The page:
Torso of a Young Woman, c. 1882. Bronze bust, height 121/4 inches (31 cm), width 173/8 inches (44 cm), and depth 121/4 inches (31 cm). Collection of the Manchester Art Gallery, accession no. 1933.69. Click on image to enlarge it.
This sculpture was made in bronze, marble, and plaster versions. It features a nude female torso with her hips tilted, and her right leg slightly forward. The torso of this work is truncated at the neck, at the upper arms, and above the right knee and slightly below the left knee. Bronze versions were cast in one piece, with a square base. The absence of the head and limbs may have been inspired by remnants of antique Greek sculpture or the work of his friend Auguste Rodin.
Such works also influenced the New Sculpture movement with similar examples by Francis Derwent Wood, Edward Onslow Ford, Edward Godwin, and Edgar Allan Howes. Marion Spielmann in his book on British sculpture singled out this work by Legros: “In the exquisite ‘Torso of a Woman’ the artist is seen at his best; complete in its beauty it is, however, not the beauty of a complete thing, being, after all, a fragment” (167).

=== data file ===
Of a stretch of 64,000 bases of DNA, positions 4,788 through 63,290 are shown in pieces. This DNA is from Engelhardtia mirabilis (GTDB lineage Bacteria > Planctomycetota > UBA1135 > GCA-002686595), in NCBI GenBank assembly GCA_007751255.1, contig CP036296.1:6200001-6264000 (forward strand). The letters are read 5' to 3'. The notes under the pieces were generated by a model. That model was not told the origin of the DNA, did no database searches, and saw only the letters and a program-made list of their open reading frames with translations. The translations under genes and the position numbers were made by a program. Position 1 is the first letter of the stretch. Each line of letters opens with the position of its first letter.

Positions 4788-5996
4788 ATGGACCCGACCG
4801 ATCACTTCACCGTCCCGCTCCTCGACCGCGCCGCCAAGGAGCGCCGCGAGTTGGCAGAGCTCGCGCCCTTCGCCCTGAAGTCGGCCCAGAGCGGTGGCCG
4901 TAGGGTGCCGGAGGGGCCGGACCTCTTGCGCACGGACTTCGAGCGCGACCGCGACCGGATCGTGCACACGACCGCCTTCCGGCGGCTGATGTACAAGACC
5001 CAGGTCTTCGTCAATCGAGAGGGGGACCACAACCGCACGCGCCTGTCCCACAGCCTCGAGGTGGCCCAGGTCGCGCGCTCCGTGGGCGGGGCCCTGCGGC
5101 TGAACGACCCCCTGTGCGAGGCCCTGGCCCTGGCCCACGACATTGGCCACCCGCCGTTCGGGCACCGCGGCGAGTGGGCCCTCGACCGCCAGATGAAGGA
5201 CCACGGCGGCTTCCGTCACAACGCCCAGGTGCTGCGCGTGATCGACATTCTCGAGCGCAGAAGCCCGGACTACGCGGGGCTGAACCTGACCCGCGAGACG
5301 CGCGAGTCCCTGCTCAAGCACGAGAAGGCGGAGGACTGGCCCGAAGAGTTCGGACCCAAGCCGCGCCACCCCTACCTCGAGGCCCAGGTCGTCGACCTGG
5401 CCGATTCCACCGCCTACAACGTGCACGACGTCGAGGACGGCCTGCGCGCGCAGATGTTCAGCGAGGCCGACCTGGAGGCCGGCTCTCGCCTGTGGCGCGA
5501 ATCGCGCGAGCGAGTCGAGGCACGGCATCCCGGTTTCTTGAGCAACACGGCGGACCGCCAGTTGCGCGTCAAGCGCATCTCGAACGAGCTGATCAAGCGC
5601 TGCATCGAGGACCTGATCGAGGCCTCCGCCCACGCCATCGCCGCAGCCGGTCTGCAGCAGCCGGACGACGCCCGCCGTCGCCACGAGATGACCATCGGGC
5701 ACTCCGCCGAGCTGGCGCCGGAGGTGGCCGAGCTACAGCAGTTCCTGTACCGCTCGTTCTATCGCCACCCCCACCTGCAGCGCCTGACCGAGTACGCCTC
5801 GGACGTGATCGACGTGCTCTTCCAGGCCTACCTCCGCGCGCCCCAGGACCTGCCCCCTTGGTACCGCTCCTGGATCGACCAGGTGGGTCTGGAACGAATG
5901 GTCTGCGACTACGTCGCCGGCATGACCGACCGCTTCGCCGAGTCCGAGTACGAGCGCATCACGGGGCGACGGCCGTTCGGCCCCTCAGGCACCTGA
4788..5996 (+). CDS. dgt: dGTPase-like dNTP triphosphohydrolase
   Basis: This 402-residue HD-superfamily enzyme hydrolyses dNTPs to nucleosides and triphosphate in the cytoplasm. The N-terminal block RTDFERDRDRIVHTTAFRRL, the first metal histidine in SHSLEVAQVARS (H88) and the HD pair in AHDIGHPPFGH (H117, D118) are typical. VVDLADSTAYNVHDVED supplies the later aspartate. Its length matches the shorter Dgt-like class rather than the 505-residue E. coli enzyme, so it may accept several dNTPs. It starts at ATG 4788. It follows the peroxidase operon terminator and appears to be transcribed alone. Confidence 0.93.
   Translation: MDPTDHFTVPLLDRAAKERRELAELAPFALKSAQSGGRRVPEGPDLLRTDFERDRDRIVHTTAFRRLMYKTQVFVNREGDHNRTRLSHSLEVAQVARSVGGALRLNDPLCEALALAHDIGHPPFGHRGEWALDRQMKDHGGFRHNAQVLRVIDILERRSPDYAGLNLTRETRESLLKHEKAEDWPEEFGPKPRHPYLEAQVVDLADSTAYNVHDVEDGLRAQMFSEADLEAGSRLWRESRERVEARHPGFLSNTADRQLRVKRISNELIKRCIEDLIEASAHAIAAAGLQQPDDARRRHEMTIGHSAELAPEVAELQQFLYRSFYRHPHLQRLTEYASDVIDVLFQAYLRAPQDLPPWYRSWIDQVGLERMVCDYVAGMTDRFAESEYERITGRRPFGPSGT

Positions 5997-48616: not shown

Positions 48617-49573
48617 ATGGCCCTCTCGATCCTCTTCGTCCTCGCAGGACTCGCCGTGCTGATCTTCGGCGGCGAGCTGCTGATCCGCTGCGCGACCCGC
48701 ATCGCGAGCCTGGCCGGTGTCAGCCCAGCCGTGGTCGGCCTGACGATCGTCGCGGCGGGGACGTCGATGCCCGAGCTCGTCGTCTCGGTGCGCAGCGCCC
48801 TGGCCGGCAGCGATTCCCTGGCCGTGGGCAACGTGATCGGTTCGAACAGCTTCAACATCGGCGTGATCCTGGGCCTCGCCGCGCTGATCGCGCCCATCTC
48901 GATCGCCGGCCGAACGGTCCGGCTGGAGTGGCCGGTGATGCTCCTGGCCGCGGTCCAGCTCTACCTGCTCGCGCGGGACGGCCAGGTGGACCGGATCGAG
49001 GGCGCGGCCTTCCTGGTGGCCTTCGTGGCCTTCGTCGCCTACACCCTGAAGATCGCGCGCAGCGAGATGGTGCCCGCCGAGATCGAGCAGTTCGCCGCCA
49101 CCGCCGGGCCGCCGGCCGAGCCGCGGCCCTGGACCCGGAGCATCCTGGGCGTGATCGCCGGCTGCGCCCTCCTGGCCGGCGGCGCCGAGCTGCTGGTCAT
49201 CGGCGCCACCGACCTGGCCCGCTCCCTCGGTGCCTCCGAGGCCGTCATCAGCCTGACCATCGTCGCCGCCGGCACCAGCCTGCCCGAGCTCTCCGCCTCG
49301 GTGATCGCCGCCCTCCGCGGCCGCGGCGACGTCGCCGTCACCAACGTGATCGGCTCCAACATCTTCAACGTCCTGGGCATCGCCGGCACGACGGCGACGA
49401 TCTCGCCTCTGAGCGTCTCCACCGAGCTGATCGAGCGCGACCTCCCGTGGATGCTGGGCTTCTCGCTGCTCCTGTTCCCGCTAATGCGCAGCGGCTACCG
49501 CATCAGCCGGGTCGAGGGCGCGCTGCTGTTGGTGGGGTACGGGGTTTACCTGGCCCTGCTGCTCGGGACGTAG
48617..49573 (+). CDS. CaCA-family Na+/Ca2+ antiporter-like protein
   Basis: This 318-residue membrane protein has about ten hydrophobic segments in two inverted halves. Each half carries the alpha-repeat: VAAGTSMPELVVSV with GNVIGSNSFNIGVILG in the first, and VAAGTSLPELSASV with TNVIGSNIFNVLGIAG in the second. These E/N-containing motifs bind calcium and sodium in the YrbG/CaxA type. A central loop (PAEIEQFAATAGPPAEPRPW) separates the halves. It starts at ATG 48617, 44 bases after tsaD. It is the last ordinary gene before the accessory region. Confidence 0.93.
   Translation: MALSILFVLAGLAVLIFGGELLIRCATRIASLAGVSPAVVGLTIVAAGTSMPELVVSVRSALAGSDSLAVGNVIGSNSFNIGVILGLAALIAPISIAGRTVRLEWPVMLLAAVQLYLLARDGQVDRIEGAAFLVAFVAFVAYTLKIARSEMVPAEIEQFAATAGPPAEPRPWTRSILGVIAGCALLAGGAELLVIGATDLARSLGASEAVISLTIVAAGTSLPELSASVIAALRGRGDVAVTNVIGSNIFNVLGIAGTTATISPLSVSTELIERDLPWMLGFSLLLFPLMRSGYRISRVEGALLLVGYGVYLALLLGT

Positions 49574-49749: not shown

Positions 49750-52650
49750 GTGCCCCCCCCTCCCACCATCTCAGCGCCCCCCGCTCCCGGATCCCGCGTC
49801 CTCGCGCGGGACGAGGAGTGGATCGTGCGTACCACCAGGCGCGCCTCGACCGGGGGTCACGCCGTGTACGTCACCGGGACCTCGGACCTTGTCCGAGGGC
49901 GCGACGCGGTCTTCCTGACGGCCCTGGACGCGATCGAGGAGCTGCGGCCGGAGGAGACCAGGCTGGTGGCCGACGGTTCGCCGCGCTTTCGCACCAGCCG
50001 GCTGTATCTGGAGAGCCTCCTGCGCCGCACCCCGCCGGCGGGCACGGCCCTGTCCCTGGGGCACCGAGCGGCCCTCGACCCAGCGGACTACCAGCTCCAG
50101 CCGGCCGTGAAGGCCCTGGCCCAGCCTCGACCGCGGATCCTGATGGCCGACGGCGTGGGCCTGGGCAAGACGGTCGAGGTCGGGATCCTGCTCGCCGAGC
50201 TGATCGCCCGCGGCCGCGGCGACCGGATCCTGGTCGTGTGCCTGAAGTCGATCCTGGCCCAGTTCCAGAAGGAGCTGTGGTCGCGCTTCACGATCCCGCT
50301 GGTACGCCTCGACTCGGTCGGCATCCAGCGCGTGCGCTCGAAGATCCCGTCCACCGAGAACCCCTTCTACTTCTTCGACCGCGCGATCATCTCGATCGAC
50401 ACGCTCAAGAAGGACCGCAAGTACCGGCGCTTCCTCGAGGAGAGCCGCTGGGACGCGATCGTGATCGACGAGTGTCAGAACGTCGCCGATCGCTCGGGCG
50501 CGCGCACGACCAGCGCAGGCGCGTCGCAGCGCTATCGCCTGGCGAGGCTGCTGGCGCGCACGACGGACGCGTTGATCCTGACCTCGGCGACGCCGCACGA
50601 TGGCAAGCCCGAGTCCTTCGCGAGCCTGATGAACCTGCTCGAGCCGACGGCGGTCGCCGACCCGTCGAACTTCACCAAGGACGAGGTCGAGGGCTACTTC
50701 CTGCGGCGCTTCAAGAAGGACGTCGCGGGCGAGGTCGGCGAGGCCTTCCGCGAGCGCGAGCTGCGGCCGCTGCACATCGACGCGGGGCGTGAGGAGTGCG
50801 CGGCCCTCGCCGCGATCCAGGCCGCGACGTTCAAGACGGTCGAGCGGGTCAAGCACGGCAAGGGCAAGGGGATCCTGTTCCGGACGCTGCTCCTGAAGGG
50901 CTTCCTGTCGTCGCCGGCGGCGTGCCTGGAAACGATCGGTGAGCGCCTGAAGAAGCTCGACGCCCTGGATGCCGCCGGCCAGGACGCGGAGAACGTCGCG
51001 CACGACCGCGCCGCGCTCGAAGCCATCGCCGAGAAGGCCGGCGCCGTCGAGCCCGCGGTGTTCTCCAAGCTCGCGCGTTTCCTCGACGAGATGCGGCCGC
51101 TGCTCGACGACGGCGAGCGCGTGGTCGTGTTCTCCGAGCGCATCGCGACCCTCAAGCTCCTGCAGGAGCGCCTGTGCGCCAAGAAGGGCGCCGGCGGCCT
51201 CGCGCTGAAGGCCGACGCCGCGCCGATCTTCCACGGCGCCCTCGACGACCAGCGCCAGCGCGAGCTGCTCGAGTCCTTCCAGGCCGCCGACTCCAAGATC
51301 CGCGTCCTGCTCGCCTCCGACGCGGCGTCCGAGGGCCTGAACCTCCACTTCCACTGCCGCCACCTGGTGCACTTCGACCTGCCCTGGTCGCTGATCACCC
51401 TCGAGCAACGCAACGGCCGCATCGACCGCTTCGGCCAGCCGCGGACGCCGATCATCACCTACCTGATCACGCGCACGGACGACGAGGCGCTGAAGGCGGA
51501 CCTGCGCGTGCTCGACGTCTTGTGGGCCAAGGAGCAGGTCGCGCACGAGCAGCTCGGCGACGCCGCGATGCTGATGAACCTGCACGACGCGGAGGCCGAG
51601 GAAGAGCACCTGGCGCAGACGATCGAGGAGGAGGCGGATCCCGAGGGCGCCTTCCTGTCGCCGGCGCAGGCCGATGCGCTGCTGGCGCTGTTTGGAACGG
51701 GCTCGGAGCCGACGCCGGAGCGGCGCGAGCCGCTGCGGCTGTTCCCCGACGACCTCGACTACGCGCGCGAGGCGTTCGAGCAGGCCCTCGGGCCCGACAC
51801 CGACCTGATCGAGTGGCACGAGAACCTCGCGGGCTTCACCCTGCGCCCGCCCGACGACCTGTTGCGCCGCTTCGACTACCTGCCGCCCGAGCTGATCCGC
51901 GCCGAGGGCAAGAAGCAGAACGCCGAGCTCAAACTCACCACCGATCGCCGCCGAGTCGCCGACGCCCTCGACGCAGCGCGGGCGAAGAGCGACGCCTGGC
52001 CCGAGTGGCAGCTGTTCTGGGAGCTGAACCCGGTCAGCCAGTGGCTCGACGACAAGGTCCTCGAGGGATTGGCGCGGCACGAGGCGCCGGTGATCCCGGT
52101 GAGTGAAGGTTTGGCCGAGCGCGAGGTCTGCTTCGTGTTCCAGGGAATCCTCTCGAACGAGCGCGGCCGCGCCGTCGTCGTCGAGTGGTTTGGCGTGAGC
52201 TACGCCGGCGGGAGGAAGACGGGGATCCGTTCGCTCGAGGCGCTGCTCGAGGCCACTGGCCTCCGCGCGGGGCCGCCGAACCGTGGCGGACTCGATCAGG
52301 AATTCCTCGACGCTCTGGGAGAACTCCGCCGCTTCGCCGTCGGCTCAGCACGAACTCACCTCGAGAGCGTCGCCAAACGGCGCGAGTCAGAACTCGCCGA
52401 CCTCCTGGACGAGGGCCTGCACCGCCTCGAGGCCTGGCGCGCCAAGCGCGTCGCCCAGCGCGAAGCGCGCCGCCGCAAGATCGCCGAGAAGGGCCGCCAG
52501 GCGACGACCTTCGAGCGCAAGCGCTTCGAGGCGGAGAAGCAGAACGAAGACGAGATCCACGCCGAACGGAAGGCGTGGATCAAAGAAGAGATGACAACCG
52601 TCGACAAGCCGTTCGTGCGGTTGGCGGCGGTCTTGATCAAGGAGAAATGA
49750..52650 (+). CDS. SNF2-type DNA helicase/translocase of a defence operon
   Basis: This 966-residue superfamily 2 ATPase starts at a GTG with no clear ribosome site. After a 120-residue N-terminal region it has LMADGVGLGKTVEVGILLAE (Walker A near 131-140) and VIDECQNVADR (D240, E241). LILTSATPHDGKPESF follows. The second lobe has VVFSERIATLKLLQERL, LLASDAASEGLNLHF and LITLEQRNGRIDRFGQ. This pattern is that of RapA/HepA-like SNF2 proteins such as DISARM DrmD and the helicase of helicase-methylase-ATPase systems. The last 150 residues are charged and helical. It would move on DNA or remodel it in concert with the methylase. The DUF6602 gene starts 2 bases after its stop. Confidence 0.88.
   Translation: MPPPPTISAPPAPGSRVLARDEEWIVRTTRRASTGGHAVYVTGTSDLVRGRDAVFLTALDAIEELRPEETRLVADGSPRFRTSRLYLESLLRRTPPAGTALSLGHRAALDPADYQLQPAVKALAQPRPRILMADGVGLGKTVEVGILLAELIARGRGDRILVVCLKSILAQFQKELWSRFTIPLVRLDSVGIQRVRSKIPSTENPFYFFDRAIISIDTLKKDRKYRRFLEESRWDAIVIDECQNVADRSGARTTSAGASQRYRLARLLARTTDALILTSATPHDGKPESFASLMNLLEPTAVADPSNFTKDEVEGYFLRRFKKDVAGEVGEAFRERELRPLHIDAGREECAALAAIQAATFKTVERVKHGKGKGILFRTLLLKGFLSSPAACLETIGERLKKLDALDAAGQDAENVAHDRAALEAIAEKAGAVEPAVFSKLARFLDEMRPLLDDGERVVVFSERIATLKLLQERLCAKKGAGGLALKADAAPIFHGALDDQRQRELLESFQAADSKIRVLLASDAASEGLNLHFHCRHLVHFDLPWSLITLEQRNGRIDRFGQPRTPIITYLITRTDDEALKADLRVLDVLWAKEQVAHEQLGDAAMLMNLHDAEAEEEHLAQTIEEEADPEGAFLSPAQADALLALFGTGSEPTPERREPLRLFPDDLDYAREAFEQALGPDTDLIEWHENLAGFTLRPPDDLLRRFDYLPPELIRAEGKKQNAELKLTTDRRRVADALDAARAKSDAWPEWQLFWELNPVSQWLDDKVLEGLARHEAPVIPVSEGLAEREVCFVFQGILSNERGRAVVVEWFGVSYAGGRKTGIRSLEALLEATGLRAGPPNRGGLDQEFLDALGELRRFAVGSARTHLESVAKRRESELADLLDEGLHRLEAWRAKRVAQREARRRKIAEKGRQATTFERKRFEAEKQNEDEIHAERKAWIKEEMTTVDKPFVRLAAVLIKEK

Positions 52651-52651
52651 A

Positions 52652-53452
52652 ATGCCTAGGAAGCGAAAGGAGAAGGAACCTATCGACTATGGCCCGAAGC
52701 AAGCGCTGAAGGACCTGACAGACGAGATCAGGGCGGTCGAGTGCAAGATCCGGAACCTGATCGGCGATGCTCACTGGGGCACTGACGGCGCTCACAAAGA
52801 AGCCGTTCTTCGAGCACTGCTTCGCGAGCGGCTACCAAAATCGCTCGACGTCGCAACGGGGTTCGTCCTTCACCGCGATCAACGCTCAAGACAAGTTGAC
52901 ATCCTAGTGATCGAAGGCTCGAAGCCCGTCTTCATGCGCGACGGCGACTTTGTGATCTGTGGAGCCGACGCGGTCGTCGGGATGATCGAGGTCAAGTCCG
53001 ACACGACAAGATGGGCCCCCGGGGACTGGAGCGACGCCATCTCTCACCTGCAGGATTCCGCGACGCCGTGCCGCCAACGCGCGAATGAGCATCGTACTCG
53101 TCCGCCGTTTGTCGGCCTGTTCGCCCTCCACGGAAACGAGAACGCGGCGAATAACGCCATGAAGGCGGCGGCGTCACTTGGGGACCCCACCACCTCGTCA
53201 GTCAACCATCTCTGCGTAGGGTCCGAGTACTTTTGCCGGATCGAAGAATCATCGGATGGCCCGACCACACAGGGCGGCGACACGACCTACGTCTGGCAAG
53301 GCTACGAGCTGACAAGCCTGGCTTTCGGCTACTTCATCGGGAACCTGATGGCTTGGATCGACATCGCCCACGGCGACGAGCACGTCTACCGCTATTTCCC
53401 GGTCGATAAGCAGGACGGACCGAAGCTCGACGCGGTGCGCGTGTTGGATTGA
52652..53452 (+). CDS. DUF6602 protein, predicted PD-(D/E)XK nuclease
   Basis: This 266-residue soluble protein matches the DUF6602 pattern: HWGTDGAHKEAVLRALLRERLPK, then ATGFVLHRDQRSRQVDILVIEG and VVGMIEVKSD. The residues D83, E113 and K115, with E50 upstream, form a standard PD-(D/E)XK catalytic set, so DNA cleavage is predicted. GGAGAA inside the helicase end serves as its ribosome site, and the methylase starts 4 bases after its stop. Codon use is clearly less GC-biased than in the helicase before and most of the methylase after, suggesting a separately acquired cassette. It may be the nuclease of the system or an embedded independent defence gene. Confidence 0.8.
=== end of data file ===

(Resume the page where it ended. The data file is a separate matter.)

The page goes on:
Bronze versions are at the Museums Sheffield, National Gallery of Scotland, University College London Art Museum, Manchester Art Gallery, Fitzwilliam Museum, Cambridge, Tullie House Museum and Art Gallery, Carlisle, and the Metropolitan Museum of Art, New York. A marble version is at the Birmingham Museums and Art Gallery.
Spielmann, Marion H. British Sculpture and Sculptors of Today. London: Cassell and Co. Ltd, 1901.
Last modified 13 November 2022